I also had trouble with the ending.  I don’t want provide too many spoilers here, but this is the first book in the Alpha Force series.  In future books, they will fight terrorists and poachers, take down drug labs, go after groups that kidnap people and kill them for their organs, etc.  In each case, there’s a cover story, a reason for them to be where they are.   But the truth is that four of the five kids in this team have parents.  Only one of them is an orphan.  That may sound like a grim perspective on things, but in most books about teen spies the characters are orphans, and with good reason.  Kids with parents could never go out on the kinds of missions that most teen spies undertake.  So given that most of these kids have parents – who will want to know what they’re up to – it seems highly unlikely that they’d ever be able form a group like Alpha Force at the end of the book.

How Good was the Action?  Decent.  This book is a combination of survival story and action thriller.  As a survival story it’s pretty good in that the survival techniques used by Alex and the others felt quite realistic.  But, it lacks the true sense of desperation that you find in top notch survival stories like Gary Paulson’s Hatchet, Gordon Korman’s, Everest, and Ben Mikaelsen’s Red Midnight.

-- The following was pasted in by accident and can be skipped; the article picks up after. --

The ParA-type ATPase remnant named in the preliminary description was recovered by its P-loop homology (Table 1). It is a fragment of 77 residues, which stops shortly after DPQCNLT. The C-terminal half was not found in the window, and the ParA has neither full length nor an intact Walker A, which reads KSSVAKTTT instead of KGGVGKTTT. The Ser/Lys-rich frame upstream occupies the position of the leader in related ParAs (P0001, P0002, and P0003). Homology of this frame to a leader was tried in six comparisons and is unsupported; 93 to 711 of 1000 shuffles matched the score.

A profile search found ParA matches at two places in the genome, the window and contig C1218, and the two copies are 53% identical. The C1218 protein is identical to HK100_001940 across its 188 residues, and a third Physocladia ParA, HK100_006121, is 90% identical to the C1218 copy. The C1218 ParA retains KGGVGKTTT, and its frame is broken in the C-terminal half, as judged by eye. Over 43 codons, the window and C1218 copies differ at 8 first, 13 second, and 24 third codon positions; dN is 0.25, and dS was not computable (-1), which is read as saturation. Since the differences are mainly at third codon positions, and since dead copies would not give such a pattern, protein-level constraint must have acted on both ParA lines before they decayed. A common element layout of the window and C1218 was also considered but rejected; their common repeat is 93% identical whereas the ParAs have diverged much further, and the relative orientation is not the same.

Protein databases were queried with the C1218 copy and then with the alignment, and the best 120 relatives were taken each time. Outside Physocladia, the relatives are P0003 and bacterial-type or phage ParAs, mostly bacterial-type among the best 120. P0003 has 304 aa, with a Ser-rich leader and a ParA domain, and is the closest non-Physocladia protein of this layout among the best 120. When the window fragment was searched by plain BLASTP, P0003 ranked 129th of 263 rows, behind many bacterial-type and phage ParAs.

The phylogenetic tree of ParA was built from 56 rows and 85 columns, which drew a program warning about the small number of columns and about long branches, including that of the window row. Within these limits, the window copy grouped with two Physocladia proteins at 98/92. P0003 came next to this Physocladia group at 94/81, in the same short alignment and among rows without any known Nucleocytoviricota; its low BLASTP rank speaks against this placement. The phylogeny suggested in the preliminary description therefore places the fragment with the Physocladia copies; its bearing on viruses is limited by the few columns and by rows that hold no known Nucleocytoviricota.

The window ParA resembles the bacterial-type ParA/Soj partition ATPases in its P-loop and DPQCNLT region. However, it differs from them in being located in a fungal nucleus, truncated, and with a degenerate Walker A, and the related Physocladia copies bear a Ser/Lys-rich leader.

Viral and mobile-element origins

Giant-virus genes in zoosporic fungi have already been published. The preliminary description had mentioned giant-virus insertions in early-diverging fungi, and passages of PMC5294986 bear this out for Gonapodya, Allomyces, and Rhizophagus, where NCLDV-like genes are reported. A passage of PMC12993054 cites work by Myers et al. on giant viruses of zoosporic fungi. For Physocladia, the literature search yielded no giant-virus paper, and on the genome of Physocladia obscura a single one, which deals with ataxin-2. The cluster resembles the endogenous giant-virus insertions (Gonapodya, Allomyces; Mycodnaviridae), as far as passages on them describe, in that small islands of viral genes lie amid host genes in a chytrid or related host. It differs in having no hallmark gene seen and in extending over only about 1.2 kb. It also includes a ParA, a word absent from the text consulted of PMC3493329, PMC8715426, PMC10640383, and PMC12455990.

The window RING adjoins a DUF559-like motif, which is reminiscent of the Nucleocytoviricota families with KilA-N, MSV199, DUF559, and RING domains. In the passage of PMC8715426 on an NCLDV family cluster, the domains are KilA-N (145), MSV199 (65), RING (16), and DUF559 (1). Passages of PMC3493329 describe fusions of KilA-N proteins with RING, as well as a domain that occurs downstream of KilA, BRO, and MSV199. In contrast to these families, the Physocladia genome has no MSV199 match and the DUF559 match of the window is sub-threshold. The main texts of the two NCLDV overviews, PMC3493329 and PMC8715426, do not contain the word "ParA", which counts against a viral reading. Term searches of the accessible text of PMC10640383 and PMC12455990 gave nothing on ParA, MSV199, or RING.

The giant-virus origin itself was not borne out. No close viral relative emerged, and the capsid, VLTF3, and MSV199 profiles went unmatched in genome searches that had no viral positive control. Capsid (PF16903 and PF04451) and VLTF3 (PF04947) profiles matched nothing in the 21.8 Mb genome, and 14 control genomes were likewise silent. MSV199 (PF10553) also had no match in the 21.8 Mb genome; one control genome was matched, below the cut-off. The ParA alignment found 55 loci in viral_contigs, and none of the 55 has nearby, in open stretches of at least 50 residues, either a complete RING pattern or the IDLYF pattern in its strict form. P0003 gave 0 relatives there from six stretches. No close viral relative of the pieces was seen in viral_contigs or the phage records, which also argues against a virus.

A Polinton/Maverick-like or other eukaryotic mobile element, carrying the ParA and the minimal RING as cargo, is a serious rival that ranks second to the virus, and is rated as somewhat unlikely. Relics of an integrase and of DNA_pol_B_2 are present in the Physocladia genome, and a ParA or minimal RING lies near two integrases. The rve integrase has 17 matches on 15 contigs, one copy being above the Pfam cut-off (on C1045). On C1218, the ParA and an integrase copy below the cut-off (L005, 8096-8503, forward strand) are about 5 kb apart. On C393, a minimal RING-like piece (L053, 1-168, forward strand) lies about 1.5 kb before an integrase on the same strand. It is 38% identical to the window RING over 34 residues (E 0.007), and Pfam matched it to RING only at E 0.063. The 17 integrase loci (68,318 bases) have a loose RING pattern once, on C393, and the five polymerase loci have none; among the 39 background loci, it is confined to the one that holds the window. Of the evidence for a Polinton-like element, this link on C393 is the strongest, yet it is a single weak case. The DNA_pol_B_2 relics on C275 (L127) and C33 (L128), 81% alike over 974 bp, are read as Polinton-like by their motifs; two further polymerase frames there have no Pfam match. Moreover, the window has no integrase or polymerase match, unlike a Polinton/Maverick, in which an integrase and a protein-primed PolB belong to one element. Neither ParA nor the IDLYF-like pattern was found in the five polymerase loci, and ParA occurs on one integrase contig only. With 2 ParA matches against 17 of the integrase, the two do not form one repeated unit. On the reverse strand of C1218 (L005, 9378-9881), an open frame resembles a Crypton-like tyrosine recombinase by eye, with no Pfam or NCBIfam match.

As an action thriller it’s also just decent.  There are some good fights with komodo dragons and the stand-off with the pirates is well done.  But there’s not a lot of action and it never rises to the level of books like Alex Rider, Young Bond, Ranger’s Apprentice, or Tripwire.  Perhaps the biggest problem is not that the action scenes weren’t well done on a technical level, but that I simply didn’t care about any of the characters enough to be too bothered about what happened to them.

How Engaging was the Story? I have to be honest.  Throughout most of this book, I didn’t have a lot of trouble putting it down.  It was only towards the end that the story became gripping enough to hold my interest.  This may be because the survival techniques, while fun to read about, weren’t all that exciting, and unlike other survival books I never really got the sense that the characters were all that desperate.  It was only towards the end, as Alex and his friends crossed the island in a bid to save one of their own and found themselves face-to-face with pirates – really, as the book morphed from survival story into adventure thriller – that it became hard to put down.

Overall Assessment: This is a decent survival/adventure novel and probably a must if you want to descend further into the world of Alpha Force.  It’s also great for the realistic tips that Chris Ryan offers, which are part of every Alpha Force book.  I really liked the sense of knowing that I was in the hands of a survival expert.  But I never found myself truly drawn in by the characters or their plight, and as such, the book lacked tension and was easy to put down.

Profanity: None

Sex: There are some mild sexual references and a bit of very light flirting, but nothing more.

Violence: Yes.  People get eaten by sharks and komodo dragons and there are some chase scenes, but the violence is not especially graphic or in your face.  There’s very little blood.